Updated: Jun 27
Sommerdag, or Summers Day on 14 April, is considered to be the first day of the start of the Nordic summer half of the year and is a tradition that pre dates Christian times. This is the day that starts the summer side of the primstav. On the primstav the day is usually marked with a tree with leaves or a twig with leaves, signifying the start of nature growing again.
Sommerdag was an important day in most parts of Norway and in some areas there was a ban on work or at least a half day holiday, but in southern Northern it was common for servants to move on to their next job. It was also a day when the cows were released from the barns into the "sommerbeite" (summer grazing pastures) and to protect them they were painted with a cross on the head or neck.
As with so many of the primstav days the weather was a sure indication of how the rest of the year would be; snow and bad weather was not a good sign, but a clear day meant that good times were ahead.
Of course, food traditions played a really important role and in many parts of Norway, different types of porridge were eaten. "Grøt" (porridge of various types) is always a dish that is associated with summer days, celebrations and special days in Norway and that is still how it is today. Grøt was a firm favourite at weddings and as weddings were traditionally held during the summer months it goes without saying that porridge plays a vital role in this celebratory day.
When I first came to Norway I found the various kinds of grøt (porridge) that were eaten slightly peculiar. In England we really only eat porridge for breakfast but in Norway they enjoy it for all sorts of occasions from weddings to summer events, to Christmas. Now I am a definite convert and I am first in the queue for a bowl of rømmegrøt on a summer's day, or risgrøt standing outside on a crisp evening towards Christmas.
There is a legend that if you want to see who your future love will be you should make "drømmegrøt" (dream porridge) using 3 tablespoons water, 1 tablespoon flour and a teaspoon salt. The person will then appear to you in dream that night. We are not making drømmegrøt but something remarkably similar called fløyelsgrøt. It is a lighter version of the popular rømmegrøt (sour cream porridge) and conjures up childhood memories for many as it's a favourite with kids. It's very similar to a thick béchamel sauce, but rather than being used as a component of another dish it's enjoyed on it's own with a little melted butter, a sprinkling of sugar and a dusting of cinnamon. You can happily substitute the milk for a semi skimmed or skimmed variety or even a nut milk, oat or soya milk. Don't skimp on the sugar and cinnamon though as it really elevates it.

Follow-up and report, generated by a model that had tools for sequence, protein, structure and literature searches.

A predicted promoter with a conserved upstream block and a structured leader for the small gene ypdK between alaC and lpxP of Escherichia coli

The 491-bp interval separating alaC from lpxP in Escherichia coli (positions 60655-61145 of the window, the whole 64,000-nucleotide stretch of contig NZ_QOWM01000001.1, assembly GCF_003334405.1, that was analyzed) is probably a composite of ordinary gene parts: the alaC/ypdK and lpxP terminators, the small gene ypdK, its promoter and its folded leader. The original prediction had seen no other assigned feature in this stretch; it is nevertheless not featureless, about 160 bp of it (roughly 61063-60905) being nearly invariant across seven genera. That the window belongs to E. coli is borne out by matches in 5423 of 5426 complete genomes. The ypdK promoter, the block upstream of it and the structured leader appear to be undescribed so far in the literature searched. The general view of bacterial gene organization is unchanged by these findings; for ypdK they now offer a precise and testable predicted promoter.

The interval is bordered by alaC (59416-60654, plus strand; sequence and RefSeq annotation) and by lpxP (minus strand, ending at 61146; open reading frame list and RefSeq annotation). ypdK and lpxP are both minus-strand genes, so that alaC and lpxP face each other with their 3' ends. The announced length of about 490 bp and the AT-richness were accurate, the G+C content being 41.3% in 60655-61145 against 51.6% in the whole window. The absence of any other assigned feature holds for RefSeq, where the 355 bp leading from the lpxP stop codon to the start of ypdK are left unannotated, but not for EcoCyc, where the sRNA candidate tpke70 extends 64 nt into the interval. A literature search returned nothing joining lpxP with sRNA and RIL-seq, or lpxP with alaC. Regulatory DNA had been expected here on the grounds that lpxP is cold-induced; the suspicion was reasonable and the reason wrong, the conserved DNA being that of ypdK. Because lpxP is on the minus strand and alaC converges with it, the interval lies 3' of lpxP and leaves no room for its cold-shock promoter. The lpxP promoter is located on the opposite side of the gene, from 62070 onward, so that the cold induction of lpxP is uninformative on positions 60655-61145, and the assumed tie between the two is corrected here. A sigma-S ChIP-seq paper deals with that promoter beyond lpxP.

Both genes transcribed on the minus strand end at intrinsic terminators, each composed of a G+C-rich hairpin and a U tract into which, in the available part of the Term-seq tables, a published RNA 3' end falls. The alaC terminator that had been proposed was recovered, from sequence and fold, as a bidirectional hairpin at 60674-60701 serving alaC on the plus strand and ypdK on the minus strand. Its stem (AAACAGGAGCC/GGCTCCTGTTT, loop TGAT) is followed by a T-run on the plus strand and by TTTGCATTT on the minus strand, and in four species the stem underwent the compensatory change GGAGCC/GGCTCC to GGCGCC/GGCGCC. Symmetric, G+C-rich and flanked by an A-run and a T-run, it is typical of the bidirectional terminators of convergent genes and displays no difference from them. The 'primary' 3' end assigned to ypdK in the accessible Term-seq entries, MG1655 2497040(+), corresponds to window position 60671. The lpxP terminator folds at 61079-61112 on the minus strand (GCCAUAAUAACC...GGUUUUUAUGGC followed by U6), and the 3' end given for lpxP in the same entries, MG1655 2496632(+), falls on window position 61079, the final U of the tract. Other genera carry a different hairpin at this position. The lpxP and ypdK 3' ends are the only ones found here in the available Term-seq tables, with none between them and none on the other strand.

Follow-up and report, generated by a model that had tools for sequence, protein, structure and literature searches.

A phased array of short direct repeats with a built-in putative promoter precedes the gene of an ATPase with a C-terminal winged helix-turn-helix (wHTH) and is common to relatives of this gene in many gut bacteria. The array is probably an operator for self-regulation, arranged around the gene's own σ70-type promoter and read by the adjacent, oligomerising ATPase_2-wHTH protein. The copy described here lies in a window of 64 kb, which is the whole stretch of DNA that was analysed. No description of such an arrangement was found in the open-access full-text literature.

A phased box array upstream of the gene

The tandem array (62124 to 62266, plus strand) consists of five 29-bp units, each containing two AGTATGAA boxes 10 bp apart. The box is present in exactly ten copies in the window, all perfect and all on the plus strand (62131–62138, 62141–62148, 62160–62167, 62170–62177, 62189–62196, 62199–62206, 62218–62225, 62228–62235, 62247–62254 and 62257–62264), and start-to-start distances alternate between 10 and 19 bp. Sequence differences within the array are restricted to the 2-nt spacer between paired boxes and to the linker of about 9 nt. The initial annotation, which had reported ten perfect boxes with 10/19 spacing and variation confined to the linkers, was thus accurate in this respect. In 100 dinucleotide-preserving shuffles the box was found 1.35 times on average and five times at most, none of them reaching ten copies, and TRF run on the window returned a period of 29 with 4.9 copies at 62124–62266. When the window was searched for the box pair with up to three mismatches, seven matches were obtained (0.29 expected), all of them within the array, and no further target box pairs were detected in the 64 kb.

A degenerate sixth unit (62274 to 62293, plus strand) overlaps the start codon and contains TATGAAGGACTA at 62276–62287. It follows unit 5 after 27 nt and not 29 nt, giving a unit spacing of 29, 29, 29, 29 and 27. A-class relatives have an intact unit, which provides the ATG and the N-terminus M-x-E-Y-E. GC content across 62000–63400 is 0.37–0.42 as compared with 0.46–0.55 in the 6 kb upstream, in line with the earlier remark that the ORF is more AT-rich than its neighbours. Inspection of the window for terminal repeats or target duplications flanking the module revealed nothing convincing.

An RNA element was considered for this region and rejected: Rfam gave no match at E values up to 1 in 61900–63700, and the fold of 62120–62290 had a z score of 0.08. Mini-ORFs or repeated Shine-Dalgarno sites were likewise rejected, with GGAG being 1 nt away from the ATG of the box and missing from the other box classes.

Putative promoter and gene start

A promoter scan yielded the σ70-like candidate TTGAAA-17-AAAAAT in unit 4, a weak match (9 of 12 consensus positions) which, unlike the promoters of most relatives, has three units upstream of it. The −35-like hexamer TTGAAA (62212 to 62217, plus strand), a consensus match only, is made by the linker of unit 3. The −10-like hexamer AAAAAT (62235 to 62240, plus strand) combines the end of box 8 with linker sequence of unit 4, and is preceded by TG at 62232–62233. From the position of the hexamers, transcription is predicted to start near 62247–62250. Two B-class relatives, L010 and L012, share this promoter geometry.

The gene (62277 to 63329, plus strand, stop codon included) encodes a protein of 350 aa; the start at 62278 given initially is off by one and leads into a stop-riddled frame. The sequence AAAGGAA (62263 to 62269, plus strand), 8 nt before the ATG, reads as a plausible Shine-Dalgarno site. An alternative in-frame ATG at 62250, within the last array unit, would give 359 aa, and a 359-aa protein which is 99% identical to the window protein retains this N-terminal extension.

Fløyelsgrøt (makes 4 portions)
90g/3 oz butter, margarine or other solid fat (not lard!)
150g/5.5 oz plain, all purpose flour
1 1/4 / 42 fl oz litres milk
A knob of melted butter
Warm the milk. Melt the butter or fat in a good sized saucepan. Sprinkle in the flour and stir it around to blend it into the fat. Cook for a minute or two on a medium heat. Gradually blend in the milk stirring or whisking all the time and keeping it on the heat. Bring to the boil and simmer on a low heat for 5 minutes to cook out the flour. You can taste it at this point and if it tastes floury keep cooking for a minute or two. You need to stir constantly or it will stick.
Allow it to cool for a few minutes before spooning into bowls and drizzling with some melted butter and sprinkling with sugar and cinnamon. It's traditional to have your grøt with a red squash or cordial such as raspberry or another berry cordial.
Vær så god!
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